Te Wehenga o Rangi rāua ko Papa


Cliff Whiting



  • Wall Mounted Sculpture


  • Mixed Media
  • Hardboard/HDF
  • Harakeke (Flax)
  • Wood


  • H2650 x W7590 x D140mm

Cliff Whiting (Te Whānau-ā-Apanui), ‘Te Wehenga o Rangi rāua ko Papa’ (1974), Te Puna Mātauranga o Aotearoa, National Library of New Zealand, Te Whanganui-a-Tara Wellington

Image: Mark Beatty for National Library of New Zealand Te Puna Mātauranga o Aotearoa.


The work was created over a five year period and is made from hardboard, harakeke and other grasses, with figures carved from kahikatea.

It presents the wehenga (forcing apart) of Rangi (sky father) and Papatūānuku (earth mother) by their son Tāne Mahuta (god of the forests) thereby allowing light to enter the world. Tāne is shown upside down as it was only by using his legs that he was strong enough. Tāne, along with his five brothers, Tangaroa (god of the sea), Haumia (god of uncultivated foods), Rongo (god of cultivated foods), Tūmatauenga (god of war), and Tāwhirimātea (god of the winds and weather), for the pantheon of Māori atua (gods).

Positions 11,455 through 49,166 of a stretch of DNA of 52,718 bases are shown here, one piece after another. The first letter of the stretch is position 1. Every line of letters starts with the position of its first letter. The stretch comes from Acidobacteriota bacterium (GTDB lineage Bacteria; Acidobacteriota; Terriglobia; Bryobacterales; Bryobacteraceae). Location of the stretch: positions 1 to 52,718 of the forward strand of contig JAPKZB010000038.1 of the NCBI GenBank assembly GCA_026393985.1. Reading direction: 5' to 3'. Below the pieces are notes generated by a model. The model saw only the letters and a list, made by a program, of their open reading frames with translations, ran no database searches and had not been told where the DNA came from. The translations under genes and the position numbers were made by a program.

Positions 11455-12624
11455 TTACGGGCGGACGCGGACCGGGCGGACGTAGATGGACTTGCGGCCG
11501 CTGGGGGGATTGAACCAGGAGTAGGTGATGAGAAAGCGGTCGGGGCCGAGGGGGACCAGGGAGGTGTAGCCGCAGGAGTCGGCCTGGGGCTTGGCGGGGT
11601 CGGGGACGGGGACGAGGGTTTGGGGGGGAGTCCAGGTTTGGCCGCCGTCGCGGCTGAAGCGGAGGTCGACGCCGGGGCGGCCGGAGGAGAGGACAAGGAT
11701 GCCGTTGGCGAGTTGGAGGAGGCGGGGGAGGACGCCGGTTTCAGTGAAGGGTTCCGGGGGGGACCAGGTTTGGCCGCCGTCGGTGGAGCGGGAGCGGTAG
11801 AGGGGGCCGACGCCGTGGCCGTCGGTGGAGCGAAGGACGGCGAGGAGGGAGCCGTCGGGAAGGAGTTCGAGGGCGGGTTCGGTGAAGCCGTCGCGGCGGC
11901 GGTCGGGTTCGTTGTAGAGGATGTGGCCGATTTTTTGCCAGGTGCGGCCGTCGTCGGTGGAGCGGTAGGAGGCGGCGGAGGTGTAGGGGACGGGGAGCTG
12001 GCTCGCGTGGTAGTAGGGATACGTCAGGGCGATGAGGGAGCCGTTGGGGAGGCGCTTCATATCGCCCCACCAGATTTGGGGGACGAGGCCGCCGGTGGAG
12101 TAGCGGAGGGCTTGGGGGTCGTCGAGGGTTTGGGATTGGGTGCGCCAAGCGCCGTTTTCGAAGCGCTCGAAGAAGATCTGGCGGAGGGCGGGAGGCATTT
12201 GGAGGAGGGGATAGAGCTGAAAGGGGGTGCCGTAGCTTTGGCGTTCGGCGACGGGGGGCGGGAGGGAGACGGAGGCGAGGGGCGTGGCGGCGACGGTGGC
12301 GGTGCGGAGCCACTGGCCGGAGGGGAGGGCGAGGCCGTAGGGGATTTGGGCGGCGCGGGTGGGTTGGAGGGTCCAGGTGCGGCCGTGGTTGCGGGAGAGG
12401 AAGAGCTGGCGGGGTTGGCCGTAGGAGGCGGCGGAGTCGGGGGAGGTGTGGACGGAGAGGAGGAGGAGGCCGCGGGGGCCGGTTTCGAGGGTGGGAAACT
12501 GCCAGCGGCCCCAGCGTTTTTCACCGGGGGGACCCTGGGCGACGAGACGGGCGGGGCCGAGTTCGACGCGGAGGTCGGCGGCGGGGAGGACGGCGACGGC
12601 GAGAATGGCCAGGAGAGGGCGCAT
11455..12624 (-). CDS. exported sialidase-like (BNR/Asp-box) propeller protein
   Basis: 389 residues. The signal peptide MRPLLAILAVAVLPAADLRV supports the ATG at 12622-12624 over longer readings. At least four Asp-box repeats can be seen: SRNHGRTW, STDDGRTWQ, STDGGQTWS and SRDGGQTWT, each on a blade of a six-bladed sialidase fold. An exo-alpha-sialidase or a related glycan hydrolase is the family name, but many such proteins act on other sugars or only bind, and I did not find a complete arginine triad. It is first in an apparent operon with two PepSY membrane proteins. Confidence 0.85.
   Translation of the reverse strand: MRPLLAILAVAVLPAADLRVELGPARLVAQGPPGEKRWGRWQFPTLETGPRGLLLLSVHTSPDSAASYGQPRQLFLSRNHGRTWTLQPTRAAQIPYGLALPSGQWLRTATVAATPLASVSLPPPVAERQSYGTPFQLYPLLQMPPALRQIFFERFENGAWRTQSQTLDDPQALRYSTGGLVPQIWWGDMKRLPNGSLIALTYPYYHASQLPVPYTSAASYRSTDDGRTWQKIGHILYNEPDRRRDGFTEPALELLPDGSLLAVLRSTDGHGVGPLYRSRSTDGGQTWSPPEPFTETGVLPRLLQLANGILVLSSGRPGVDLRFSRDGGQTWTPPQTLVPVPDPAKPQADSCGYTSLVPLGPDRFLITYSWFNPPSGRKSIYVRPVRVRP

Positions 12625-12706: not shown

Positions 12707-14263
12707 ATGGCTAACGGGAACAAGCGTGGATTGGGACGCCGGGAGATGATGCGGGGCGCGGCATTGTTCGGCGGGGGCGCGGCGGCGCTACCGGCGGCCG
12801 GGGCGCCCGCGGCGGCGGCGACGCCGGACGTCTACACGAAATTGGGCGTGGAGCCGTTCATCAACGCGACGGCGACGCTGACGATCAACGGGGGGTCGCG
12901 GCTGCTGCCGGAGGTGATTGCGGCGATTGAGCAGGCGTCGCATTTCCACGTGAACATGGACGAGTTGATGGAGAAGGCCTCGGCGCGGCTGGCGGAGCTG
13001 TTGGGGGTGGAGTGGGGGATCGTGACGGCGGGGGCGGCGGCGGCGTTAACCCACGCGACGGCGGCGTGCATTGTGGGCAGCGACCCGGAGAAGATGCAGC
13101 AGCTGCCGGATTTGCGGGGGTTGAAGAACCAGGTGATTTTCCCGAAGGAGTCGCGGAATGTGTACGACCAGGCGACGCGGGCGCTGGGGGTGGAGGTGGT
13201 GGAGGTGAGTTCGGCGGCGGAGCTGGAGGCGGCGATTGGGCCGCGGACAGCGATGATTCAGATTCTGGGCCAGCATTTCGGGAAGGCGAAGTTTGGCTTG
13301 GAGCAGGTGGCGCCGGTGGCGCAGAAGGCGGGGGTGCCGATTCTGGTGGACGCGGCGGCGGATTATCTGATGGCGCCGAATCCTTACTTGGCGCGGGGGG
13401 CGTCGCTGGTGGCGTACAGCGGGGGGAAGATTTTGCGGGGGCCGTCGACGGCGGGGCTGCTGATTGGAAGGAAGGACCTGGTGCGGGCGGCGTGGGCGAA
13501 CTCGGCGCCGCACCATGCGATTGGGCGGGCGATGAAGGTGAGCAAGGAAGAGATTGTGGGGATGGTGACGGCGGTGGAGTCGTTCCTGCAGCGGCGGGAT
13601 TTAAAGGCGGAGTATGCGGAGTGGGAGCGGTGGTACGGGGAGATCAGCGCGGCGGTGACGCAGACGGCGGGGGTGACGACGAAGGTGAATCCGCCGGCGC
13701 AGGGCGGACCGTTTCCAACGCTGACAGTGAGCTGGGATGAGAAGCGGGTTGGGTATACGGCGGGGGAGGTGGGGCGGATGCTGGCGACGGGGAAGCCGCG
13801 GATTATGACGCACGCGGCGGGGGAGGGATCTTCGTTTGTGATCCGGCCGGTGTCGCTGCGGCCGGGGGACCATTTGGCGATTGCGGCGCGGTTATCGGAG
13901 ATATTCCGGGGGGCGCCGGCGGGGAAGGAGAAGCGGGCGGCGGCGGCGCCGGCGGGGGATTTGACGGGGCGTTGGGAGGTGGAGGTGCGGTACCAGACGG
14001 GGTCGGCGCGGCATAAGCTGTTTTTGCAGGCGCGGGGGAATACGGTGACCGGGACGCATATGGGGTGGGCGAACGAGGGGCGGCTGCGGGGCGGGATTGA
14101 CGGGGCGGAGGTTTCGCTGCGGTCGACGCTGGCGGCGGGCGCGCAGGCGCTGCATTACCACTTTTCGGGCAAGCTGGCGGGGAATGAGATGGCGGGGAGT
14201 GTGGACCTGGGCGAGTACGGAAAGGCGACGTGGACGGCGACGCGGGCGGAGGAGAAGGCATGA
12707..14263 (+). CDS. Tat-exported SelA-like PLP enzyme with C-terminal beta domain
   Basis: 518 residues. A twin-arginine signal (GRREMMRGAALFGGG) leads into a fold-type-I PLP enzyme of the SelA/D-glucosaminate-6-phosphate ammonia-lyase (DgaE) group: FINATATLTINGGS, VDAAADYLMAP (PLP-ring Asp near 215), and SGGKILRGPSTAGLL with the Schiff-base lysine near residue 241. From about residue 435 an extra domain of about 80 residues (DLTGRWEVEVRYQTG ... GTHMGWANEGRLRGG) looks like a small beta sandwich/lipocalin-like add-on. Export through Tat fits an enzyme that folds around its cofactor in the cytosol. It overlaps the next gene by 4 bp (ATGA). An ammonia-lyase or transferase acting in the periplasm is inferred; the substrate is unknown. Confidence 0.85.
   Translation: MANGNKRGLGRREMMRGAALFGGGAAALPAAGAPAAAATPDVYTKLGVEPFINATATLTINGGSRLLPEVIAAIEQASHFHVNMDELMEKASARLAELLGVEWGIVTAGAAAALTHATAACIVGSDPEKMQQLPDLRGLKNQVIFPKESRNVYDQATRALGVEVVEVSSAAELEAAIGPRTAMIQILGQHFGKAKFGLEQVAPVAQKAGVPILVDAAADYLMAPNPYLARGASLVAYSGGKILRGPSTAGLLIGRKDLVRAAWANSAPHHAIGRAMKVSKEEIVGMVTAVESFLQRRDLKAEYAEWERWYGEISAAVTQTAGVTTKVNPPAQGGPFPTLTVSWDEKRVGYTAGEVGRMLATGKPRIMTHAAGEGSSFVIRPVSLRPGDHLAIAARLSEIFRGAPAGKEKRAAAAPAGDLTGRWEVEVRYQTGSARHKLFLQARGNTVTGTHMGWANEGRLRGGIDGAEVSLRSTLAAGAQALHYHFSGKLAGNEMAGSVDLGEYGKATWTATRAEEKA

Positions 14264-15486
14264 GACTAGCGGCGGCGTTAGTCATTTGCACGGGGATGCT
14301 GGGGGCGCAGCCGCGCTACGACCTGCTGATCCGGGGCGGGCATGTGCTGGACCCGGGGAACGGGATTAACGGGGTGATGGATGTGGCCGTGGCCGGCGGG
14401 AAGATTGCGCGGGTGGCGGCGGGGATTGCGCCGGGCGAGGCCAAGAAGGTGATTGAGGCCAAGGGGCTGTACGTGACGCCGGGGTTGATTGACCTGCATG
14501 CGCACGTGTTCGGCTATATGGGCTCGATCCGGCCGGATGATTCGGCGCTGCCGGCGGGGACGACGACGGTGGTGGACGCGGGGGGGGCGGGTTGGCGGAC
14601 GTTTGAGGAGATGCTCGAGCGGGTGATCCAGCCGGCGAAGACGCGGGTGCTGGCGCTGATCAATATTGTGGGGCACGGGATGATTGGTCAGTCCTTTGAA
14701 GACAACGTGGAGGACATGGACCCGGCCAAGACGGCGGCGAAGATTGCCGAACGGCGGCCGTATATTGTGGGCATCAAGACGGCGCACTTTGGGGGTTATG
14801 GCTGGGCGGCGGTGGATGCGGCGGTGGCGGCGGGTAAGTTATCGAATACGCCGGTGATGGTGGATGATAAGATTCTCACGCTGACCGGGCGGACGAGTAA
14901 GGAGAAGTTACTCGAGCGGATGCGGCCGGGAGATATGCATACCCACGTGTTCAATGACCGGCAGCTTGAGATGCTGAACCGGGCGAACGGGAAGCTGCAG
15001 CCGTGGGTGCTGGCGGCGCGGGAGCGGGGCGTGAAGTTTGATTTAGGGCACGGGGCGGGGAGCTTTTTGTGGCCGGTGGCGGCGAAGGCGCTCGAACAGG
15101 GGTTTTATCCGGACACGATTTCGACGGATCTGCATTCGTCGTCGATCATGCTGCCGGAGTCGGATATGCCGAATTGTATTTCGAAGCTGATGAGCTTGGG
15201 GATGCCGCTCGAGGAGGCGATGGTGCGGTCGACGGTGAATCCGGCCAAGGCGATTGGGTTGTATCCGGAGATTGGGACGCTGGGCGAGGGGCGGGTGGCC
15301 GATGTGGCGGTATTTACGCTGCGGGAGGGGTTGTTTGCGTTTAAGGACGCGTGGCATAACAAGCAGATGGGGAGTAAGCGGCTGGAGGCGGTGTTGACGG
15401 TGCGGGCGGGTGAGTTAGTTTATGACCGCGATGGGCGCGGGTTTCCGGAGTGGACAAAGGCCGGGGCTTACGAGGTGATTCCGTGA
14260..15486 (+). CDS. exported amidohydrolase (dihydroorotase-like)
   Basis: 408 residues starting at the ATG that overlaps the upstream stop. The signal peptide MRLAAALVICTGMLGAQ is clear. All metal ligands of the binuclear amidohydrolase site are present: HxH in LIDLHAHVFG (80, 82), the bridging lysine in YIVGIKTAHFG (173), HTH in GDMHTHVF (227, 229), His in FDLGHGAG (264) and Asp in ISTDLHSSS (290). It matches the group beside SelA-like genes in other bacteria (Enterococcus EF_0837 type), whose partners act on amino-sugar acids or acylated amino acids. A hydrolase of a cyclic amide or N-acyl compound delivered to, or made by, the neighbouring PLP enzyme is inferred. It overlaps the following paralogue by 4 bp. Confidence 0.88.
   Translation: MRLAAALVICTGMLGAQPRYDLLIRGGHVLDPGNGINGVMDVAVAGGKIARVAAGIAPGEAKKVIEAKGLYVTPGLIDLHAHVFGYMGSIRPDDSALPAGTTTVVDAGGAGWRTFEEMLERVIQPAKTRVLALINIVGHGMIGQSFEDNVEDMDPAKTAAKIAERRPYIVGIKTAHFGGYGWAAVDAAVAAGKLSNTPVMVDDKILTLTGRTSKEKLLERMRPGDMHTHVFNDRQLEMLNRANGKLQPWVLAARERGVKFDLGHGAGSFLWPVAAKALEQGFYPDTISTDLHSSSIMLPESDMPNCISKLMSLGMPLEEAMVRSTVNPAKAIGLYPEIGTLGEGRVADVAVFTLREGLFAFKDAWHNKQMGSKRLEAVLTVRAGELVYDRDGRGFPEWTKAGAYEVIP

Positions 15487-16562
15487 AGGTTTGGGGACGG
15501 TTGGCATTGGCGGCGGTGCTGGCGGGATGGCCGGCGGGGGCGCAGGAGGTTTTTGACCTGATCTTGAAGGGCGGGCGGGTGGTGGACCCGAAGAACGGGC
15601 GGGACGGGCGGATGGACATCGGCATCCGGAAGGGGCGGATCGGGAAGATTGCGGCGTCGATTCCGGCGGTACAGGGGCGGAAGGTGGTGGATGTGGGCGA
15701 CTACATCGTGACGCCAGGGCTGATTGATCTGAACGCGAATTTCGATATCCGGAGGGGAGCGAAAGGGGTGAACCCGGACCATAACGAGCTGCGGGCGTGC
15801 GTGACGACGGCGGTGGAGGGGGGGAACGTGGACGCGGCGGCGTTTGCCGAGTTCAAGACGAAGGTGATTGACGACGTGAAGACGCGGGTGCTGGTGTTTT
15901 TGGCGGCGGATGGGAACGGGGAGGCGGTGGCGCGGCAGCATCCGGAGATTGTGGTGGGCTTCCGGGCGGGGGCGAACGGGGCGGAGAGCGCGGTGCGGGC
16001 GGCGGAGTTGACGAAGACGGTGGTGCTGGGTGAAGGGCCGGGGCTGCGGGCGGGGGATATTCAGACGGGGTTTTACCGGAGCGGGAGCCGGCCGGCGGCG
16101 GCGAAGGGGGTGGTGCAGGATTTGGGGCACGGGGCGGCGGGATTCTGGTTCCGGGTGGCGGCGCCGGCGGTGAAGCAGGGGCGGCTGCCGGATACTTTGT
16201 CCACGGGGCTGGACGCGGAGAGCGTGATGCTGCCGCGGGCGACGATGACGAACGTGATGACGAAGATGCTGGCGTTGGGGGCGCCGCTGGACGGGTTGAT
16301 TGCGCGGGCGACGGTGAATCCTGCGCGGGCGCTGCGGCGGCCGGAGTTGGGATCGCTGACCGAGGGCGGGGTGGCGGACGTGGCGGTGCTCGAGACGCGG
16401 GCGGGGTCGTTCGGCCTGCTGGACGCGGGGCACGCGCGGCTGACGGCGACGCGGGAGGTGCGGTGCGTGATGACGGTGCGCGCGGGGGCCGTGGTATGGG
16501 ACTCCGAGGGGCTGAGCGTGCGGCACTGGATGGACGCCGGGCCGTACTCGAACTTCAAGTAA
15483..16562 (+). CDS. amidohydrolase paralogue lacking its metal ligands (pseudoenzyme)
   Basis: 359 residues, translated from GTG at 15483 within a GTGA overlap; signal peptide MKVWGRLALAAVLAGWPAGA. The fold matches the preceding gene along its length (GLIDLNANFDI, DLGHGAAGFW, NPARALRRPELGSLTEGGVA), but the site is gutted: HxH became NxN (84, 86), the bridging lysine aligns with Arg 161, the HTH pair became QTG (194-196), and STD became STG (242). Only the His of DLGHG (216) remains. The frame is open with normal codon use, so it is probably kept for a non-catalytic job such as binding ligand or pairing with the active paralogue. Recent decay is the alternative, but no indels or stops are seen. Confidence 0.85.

“Ko te wehenga o Ranginui rāua ko Papatūānuku
From the separation of Ranginui, the sky father and Papatūānuku, the earth mother,

Ka puta ki te whai Ao, ki te Ao mārama
first light burst upon the world, and from it came…

Ko Te Puna Mātauaranga o Aotearoa.
a well-spring of knowledge and understanding”

“Cliff Whiting, Te Whānau-ā-Apanui, was born in 1936 and grew up in Te Kaha in the Bay of Plenty. As an educationalist, artist, and leader in the field of marae conservation, Cliff Whiting was a major figure in the Māori art world. In 1998 he was appointed to the Order of New Zealand. Cliff died in 2017.

He Toi Whakairo, He Mana Tangata
Artistic excellence is a man’s dignity.”

The work was first displayed in the Waikato Art Gallery in Hamilton before being exhibited at the South Pacific Festival for the Arts in 1976, held in Rotorua (IC book).

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